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Check This Cheque Out

A third-party cheque writing facility can revolutionalise the mutual fund industry, especially the liquid and money market funds. However that can happen only if AMFI's suggestion of allowing these funds to issue chequebooks is implemented.

Mutual funds are present in a myriad of shapes, sizes and needs. If it's long-term growth of capital, then equity funds are the name of the game. If you desire a high degree of liquidity and capital preservation, then liquid and money market funds are the instruments of choice. Well not quite!

While liquid and money market funds offer high liquidity, this does not translate into the convenience, which a bank saving deposit offers. If you have to pay your grocer in all probability you would take out your chequebook rather than look at your money market mutual fund deposit. But if AMFI (Association of Mutual Funds in India) has its way, that could soon change. Recently, the industry body has once again approached the Reserve Bank of India (RBI) for permitting liquid and money market mutual funds to issue chequebooks to investors that can be used just like bank chequebooks to directly pay anyone.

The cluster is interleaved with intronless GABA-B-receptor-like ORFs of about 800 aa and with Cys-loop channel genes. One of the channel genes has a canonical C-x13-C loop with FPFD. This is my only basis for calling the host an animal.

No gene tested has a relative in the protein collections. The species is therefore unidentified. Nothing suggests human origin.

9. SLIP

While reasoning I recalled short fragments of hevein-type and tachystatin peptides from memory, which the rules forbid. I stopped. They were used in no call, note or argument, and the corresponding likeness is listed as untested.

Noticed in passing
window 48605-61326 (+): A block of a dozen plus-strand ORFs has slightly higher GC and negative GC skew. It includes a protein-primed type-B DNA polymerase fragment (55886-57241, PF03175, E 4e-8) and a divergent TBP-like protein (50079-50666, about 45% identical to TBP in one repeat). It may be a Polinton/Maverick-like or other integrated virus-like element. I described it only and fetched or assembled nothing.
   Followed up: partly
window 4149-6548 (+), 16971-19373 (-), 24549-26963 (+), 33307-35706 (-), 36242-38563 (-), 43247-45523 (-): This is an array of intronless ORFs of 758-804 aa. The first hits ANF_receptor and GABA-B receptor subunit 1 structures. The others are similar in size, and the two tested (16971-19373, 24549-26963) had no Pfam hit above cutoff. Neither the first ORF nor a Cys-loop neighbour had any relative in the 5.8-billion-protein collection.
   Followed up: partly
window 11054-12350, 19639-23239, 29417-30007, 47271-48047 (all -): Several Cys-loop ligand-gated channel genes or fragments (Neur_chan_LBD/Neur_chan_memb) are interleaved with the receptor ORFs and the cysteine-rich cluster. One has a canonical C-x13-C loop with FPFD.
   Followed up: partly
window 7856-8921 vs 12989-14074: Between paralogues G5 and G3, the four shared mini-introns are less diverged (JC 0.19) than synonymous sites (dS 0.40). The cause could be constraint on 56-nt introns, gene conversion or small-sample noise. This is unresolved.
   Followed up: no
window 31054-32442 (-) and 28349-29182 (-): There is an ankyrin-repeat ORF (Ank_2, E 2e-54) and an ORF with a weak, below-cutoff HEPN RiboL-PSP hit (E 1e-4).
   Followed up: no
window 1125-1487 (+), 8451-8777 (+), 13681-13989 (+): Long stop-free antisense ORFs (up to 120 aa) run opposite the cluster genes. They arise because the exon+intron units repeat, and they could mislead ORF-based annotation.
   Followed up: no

However, there are some issues, which need to be resolved before this move can take off. The biggest stumbling block may be legal requirements, which permits only banks to issue instruments like cheques. Furthermore, banks are a part of the clearing system which mutual funds would have to join. Also, if funds offer such facilities then they have the potential of taking away a large chunk of the low cost deposits that banks hold with them in the form of savings accounts.

Even a half per cent higher return from these funds as compared to savings deposits would attract investors. This is to say nothing of the seven per cent that these funds have generated in the extremely bullish debt market of this year.

It may be because of these factors that the RBI has been going slow on this proposal, which has been dangling with it for the past year or so. In order to overcome these hurdles, AMFI has even suggested that the RBI might impose limitations on the number of cheques, which might be issued, or the maximum amount, which could be issued through these cheques.

Currently, liquid funds do offer a cheque writing facility. But this is just an improved redemption slip where an investor can write a cheque only to him/herself. The development of a third party cheque writing facility has been one of the most important factors behind the rapid growth of money market funds in the US. If and when this move is approved here, it has the potential of revolutionizing the mutual fund industry.